Saturday, 21 February 2009

Three winter haiku

This morning's almost daily run in the woods and the park brought forth the following haiku; no linking keyword this time but nevertheless worth recording.

a snowman
and a boy
two-up on a sledge

enter the river
exit the other side

running home
through snowy landscape
oasis on the walkman

Today on
Ink Sweat & Tears some new Christine Busta translations
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  1. Do you always have the walkman on on your runs? What about the peace and quiet of your route - or is that not possible ? Love the haiku - as usual it paints a picture for me of the things you see as you are running - love the trail in and out of the water.

  2. It depends on my mood for the walkman and also the training effect I'm after. I generally put some hiphop music station on to get me going just a bit quicker. It's only a small device, about half the size of a cig packet and so I can easily take it off and put it in my pocket. Depends on the weather as well. I often see deer and sometimes foxes and they really don't mind. It was strange seeing those ski-tracks. I thought they must be meaningful in some way.
    My main blogpage has gone off again. I hope it's back on now.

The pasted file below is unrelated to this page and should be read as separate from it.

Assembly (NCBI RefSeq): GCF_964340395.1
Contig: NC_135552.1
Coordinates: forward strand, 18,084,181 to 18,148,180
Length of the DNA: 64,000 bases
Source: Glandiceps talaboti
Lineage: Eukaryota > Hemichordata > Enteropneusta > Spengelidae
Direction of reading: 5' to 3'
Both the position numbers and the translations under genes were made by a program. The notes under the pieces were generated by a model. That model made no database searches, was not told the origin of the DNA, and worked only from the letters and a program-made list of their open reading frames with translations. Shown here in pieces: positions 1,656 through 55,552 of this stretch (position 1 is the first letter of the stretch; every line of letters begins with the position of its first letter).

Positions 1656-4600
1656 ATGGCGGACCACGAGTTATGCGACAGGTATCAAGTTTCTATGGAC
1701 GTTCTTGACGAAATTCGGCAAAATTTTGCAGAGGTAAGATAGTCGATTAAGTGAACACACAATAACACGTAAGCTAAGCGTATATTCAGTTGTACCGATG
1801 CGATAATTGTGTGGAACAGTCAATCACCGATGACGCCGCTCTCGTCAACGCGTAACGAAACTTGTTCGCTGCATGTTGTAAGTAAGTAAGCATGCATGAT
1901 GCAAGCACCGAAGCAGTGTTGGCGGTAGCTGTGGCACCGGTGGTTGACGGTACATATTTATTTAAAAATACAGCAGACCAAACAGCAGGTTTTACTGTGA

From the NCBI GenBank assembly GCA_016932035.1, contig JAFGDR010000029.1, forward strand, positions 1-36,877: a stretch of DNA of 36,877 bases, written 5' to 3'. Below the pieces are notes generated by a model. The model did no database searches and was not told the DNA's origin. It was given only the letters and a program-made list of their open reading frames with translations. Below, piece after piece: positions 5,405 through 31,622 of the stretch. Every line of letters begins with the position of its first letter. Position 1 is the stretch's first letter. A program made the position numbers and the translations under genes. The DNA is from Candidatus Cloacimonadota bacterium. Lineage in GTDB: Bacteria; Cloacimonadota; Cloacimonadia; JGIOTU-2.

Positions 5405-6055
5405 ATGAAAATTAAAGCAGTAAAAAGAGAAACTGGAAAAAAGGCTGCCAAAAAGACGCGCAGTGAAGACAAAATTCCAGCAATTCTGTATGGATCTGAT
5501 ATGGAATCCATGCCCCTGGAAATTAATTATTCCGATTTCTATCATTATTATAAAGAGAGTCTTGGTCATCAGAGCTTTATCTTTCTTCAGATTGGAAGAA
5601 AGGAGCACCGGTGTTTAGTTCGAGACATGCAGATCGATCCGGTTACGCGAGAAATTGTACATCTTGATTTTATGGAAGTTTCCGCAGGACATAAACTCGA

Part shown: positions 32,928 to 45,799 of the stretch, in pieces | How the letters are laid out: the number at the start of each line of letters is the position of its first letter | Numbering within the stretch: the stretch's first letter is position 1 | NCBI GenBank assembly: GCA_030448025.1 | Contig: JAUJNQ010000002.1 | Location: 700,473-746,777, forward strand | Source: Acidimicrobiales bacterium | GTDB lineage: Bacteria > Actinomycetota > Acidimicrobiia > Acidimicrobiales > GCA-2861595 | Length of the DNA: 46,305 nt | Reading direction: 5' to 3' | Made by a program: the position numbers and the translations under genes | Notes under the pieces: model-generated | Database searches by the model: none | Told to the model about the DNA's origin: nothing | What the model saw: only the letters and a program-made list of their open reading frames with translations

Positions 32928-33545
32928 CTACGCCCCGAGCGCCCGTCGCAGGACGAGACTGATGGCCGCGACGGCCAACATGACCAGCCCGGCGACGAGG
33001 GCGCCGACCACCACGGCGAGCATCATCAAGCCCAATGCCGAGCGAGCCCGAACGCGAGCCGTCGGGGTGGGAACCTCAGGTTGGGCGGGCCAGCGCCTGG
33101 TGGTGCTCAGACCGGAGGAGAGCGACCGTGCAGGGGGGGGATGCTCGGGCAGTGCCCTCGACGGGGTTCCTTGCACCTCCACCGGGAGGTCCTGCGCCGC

3. I thought haiku needed seventeen syllables in a 5-7-5 pattern? are there other variations I've missed? Curious to know...

  4. Yes jinksy, classic haiku is 5-7-5 and often contains a 'seasonal word' but that's only one form, much as a sonnet is only one form of poetry.

    A useful 80-page book is THE ART OF HAIKU edited by Gerald England pub New Hope International ISBN 0 903610 24 8. There's a handy LINK to Gerald's various blogs on the A-Z Links list.
    Elizabeth StJacques, for instance, in her chapter HAIKU ON THE WIND writes: Today everything from one to five line as well as experimental haiku can be found in leading haiku journals. This is also true of Japanese haiku [...] the basic spirit of the haiku remains as strong, if not stronger, than ever.


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